The Loss of Michael

February 10, 2014

The recent death of long-time Natick employee Michael F. McDaniel Jr., is a stark reminder of the dangers our municipal public works employees face each day. It also highlights the urgent need for health and safety requirements that meet or exceed those in the private sector.
McDaniel was killed and his co-worker Scott M. Spurling was injured February 5, while working at a temporary work zone to repair a broken water main. Those on site report that a backhoe being utilized during the repair work was moved forward while the workers were in the trench and were struck by a backhoe stabilizer arm that had not been retracted before moving.
“Our hearts go out to the family of Mr. McDaniel,” said Robert Burns, a MassCOSH health and safety senior advisor. “While the investigation is still underway, we do know that being struck-by construction equipment is one of the major causes of injury and death to workers in work zones.”

Six municipal workers, including McDaniel, have lost their lives since 2008 while working in or around street and highway work zones in Massachusetts. Other workers have been seriously injured. In fact, the state’s Department of Labor Standards (DLS) issued an alert in 2011 to draw attention to the substantial number of injuries and deaths in work zones. DLS noted that The Federal Highway Administration has developed detailed safety measures designed to prevent work zone injuries. These include specifications for signage, pavement and curb markings, and traffic signals. OSHA also established construction industry regulations (29 CFR 1926, Subpart O) which address the operation of vehicles and equipment within an off-highway job site not open to public traffic.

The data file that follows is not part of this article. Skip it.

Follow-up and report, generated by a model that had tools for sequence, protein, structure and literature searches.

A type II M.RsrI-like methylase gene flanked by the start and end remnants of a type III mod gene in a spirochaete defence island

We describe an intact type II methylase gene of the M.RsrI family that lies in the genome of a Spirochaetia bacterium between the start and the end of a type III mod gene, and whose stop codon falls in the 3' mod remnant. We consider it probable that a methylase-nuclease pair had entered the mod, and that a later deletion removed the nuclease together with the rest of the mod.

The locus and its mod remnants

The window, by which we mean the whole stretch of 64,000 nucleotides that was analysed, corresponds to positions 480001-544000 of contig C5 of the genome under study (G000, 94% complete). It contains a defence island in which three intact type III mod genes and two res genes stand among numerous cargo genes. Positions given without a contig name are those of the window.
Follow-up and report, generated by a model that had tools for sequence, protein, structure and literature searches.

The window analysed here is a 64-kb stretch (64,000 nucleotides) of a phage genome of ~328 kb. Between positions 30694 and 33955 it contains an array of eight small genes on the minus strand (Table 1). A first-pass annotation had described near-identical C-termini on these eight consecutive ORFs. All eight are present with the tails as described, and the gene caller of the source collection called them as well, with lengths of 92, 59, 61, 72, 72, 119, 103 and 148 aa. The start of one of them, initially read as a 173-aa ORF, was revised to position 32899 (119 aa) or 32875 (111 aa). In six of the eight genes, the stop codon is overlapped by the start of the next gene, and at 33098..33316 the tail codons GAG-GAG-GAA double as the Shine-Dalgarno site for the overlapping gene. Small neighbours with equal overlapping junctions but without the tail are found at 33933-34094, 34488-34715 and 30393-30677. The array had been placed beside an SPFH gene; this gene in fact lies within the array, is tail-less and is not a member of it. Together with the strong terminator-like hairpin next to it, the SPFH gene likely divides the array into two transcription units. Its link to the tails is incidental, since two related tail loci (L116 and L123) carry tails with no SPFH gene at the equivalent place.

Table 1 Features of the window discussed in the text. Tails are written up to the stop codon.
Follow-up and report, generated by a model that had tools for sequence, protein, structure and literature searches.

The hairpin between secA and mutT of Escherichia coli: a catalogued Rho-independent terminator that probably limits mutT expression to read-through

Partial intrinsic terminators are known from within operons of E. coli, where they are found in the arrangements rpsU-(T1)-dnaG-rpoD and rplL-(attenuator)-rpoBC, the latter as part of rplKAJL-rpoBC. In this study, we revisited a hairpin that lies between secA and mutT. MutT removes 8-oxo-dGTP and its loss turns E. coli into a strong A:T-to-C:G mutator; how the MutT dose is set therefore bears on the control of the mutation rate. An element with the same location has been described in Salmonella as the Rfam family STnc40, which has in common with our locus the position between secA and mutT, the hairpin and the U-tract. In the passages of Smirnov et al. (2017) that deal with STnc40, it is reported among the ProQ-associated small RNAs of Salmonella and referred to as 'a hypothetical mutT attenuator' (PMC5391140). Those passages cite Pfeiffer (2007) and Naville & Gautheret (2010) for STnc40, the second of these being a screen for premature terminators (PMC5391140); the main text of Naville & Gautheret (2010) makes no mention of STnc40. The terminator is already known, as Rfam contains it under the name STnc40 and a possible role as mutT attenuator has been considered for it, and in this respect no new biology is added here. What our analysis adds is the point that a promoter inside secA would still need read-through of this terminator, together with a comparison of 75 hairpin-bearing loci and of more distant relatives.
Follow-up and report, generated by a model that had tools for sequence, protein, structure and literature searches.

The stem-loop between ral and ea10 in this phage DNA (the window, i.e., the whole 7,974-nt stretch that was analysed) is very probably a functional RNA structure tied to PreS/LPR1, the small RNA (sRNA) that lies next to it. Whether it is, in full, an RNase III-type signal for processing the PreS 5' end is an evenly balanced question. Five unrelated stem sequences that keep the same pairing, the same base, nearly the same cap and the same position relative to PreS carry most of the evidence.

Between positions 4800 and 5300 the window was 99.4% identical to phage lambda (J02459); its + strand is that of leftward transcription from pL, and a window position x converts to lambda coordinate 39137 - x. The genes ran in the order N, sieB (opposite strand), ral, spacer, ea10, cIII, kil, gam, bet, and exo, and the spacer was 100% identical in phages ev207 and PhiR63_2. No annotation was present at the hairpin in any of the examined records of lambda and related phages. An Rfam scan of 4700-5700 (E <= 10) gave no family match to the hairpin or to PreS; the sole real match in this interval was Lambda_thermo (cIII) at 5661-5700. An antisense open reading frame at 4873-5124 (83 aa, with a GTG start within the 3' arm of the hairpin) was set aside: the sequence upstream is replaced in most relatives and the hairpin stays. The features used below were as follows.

Unlike private employers, public employers are not covered under the federal Occupational Safety and Health Act (OSHA). Massachusetts remains one of a minority of states whose public employees are not covered by OSHA.

“The inadequacy of safety requirements for public employers has resulted in inconsistent implementation of safety programs, putting tens of thousands of workers at risk,” stated MassCOSH Executive Director Marcy Goldstein-Gelb.  “Furthermore, many municipalities are not aware that under Massachusetts law, the Department of Labor Standards (DLS) is charged with inspecting public sector workplaces and determining the measures needed to ensure worker safety.”

According to DLS, “In the absence of specific standards, it is the policy of our office that public sector employees follow the OSHA Standards as a minimum. Compliance with the OSHA Standards will in most cases ensure compliance with the intent of Chapter 149 section 6.”

Have you lost a loved one on the job? For years, MassCOSH has developed a network of individuals affected by workplace fatalities to offer each other support and challenge unsafe working conditions. When you feel you are ready, please reach out to MassCOSH Membership Coordinator Jeff Newton at for more information